Theories of history or politics that allegedly predict future events have a logical form that renders them neither falsifiable nor verifiable. They claim that for every historically significant event, there exists an historical or economic law that determines the way in which events proceeded. Failure to identify the law does not mean that it does not exist, yet an event that satisfies the law does not prove the general case. Evaluation of such claims is at best difficult. On this basis, Popper "fundamentally criticized historicism in the sense of any preordained prediction of history", and argued that neither Marxism nor psychoanalysis was science, although both made such claims. Again, this does not mean that any of these types of theories is necessarily incorrect. Popper considered falsifiability a test of whether theories are scientific, not of whether propositions that they contain or support are true.
- Albert Einstein is reported to have said: No amount of experimentation can ever prove me right; a single experiment can prove me wrong. (paraphrased)
- The criterion of the scientific status of a theory is its falsifiability, or refutability, or testability. — Karl Popper, (Popper, CR, 36)
- ^ LScD p. 4
- ^ http://books.google.com/books?id=Yq6xeupNStMC&lpg=PP1&dq=logic%20of%20scientific%20discovery&pg=PA19#v=onepage&q=asymmetry&f=false
- ^ http://books.google.com/books?id=Yq6xeupNStMC&lpg=PP1&dq=logic%20of%20scientific%20discovery&pg=PA442#v=onepage&q=take%20ancient%20atomic%20theory&f=false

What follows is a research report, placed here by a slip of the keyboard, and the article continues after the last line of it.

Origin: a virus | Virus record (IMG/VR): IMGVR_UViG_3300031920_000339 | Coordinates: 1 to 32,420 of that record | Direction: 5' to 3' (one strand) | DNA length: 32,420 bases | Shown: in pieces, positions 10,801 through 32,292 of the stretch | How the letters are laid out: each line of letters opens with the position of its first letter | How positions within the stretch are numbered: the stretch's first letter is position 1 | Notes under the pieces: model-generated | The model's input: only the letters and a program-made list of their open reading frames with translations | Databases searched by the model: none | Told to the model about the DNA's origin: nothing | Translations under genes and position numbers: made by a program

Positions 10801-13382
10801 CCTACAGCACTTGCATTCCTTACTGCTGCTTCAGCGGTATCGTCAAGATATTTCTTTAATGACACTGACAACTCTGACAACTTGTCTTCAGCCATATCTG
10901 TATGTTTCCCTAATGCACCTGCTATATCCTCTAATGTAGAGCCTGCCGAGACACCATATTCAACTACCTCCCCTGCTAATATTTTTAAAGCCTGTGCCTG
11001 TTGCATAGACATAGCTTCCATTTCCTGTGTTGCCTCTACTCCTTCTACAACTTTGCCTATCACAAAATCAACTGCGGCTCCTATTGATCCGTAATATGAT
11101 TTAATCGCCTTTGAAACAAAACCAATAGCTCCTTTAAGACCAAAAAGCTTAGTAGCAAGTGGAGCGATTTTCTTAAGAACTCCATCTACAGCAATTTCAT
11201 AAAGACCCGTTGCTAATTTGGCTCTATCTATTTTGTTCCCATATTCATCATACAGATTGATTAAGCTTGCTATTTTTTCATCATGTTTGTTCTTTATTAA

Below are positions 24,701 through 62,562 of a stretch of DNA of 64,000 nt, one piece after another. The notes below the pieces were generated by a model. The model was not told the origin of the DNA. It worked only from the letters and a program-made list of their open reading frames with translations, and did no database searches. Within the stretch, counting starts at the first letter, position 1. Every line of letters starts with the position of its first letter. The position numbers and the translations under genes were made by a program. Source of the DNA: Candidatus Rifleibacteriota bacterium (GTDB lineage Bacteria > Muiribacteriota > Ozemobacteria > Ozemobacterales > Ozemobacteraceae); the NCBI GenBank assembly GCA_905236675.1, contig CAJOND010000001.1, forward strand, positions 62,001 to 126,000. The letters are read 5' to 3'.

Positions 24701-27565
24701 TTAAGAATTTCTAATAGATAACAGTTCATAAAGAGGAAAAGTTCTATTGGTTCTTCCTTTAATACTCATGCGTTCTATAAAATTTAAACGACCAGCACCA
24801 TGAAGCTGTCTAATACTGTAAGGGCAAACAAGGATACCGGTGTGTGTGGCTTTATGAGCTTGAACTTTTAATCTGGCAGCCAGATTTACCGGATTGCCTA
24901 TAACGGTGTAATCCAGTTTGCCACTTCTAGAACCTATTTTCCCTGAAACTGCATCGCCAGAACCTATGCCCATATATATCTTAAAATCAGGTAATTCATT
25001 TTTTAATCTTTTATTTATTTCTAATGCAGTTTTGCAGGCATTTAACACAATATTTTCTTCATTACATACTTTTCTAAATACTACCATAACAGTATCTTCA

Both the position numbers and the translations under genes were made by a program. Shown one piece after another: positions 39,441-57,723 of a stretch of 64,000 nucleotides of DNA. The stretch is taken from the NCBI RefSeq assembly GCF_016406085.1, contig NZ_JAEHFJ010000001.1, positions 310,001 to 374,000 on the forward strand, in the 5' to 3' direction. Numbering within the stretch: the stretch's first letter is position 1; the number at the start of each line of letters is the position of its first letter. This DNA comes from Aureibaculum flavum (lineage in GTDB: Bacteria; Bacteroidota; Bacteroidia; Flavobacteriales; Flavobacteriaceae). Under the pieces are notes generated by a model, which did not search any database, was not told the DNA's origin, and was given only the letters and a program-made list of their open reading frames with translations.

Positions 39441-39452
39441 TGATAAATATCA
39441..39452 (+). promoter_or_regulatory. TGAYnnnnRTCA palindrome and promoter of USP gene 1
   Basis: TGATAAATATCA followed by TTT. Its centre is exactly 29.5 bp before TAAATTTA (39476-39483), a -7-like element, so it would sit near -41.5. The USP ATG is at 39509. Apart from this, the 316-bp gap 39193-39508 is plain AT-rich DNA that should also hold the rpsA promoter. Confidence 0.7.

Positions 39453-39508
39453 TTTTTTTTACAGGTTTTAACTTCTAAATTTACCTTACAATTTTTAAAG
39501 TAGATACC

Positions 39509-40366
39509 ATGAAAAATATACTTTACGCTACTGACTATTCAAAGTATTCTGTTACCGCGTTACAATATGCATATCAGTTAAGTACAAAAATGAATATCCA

- ^ LScD, p. 16
- ^ Keuth: The philosophy of Karl Popper, p. 45
- ^ Quantum theory and the schism in physics, introductory comments
- ^ Logic of Scientific Discovery, section 6, footnote *3
- ^ McLean v. Arkansas Board of Education, Decision January 5, 1982.
- ^ Confirmation, Induction and Science
- ^ W. W. Bartley, III: Biology & evolutionary epistemology. Philosophia 6:3–4 (September–December 1976), pp. 463–494
- ^ Rafe Champion: Agreeing to Disagree: Bartley's Critique of Reason. Melbourne Age Monthly Review (October 1985)
- ^ David Miller: Some hard questions for critical rationalism
- ^ Dyson, Freeman J. (1999). The Sun, The Genome, & The Internet. NYPL/Oxford. p. 16. ISBN 0-19-512942-3.
- ^ Miller, David (2000). "Sokal and Bricmont: Back to the Frying Pan". Pli 9: 156–73. http://www2.warwick.ac.uk/fac/soc/philosophy/staff/miller/miller_pli_9.pdf. , also chapter 6 of Miller, David (2006). Out of Error. Ashgate.
- ^ Schumpeter, Joseph A., 1954. History of Economic Analysis. New York: Oxford University Press, pp. 472–473.